Here are a few facts…just in passing.
Only Brett Favre and Pro Football Hall of Famer Dan Marino have thrown for more yards in NFL history. And only Favre has totaled more touchdown passes in the league's 93-year history.
But there's one number, fair or unfair, that always seems to take center stage when it comes to current Denver Broncos quarterback Peyton Manning.
And that's 9-11.
In 14 seasons on the field, Manning has thrown for 59,487 yards, topped only by Favre (71,838) and Marino (61,361). And considering the former Indianapolis Colts signal-caller has totaled 4,000 or more yards through the air 12 times, it's safe to assume (if healthy) he'll move past Marino in 2013.
Manning has also thrown 436 touchdown passes--more than twice as many interceptions (209) than he has totaled in 224 regular-season starts.
But there's still that 9-11.
When it comes to those 224 contests, the former number one pick in the 1998 draft has won twice as many games (154) as he has lost (70).
So what's the point of all of this statistical analysis?
It's about perception. And for some, that 9-11 postseason record seems to take more of a center stage than his numerous accomplishments.
While it's not time to put Manning out to pasture, it will be interesting to see how the veteran performer is ultimately remembered when it's all said and done. He's been called the best quarterback in NFL history by some and the top regular-season quarterback by others.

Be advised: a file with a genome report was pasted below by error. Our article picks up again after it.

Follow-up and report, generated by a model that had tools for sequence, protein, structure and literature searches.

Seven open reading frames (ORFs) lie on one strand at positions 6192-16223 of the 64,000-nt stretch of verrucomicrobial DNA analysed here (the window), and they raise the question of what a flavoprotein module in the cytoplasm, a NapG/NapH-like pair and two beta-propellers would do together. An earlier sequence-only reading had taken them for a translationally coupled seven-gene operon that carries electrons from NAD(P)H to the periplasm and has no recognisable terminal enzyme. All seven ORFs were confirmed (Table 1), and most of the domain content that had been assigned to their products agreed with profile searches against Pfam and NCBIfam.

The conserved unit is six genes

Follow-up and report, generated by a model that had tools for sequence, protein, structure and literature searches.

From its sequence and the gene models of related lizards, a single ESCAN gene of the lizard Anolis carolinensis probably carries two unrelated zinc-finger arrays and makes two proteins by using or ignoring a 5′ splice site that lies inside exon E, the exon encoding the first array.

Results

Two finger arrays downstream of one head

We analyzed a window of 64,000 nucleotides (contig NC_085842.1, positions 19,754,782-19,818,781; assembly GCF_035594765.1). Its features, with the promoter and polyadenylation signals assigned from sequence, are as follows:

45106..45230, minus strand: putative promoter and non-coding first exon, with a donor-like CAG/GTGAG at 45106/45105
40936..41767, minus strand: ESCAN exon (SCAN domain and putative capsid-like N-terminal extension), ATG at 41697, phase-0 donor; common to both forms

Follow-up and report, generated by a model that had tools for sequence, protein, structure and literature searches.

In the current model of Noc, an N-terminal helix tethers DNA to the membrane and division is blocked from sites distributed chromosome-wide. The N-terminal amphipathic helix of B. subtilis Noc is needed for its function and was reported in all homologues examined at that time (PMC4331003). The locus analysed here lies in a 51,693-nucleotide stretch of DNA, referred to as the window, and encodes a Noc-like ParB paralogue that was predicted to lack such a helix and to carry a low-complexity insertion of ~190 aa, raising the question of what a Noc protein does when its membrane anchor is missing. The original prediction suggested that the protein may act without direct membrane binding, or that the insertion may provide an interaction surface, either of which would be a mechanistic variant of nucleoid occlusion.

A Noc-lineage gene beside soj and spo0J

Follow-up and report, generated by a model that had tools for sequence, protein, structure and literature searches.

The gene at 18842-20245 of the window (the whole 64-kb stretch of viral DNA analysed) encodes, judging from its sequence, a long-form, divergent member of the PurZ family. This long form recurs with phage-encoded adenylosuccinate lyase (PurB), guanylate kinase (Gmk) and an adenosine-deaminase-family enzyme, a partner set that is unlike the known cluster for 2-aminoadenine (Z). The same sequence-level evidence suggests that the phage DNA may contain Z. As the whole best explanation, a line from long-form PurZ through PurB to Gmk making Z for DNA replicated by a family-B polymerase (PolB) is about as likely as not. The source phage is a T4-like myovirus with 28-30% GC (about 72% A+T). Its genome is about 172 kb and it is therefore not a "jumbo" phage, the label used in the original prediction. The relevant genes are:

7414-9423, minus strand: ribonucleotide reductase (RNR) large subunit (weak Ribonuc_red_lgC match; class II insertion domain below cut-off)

The 9-11 mark includes a Super Bowl win (XLI) and a Super Bowl loss (XLIV)--both while with the Colts--as well as numerous early playoff exits by Manning and his teams.
A season ago, the Broncos were the AFC's No. 1 seed with a 13-3 record and took an 11-game winning streak into their divisional playoff meeting with the visiting Baltimore Ravens. But some shaky defense and three Manning turnovers helped turn an expected win into a 38-35 double overtime loss.
That means Manning has now lost his last three postseason games dating back to the Super Bowl setback to the New Orleans Saints.
Still, the Broncos have as good a chance as any team to reach Super Bowl XLVIII. And if Manning can somehow lead his team to the Big Game and win it, he would become the first quarterback to lead two different franchises to a Lombardi Trophy.
On the other hand, another title would give Peyton only as many Super Bowl wins as his younger brother Eli, who led the New York Giants to victories over the New England Patriots in XLII and XLVI.
But that family debate is for another time. For now, is Peyton another Super Bowl win from being the best quarterback of all time? Is he another early playoff loss from more criticism?
Fortunately, the answer will come later than sooner as Manning prepares for another season.
But one can't help but start to wonder about one of the game's most prolific performers and how he will be ultimately remembered.
Russell S. Baxter has spent the last 40-plus years watching football. He is the founder of ProFootballGuru.com, writes for numerous websites and publications across the country and is blessed with an encyclopedic memory. Ready to talk NFL? Follow him on Twitter at @BaxFootballGuru.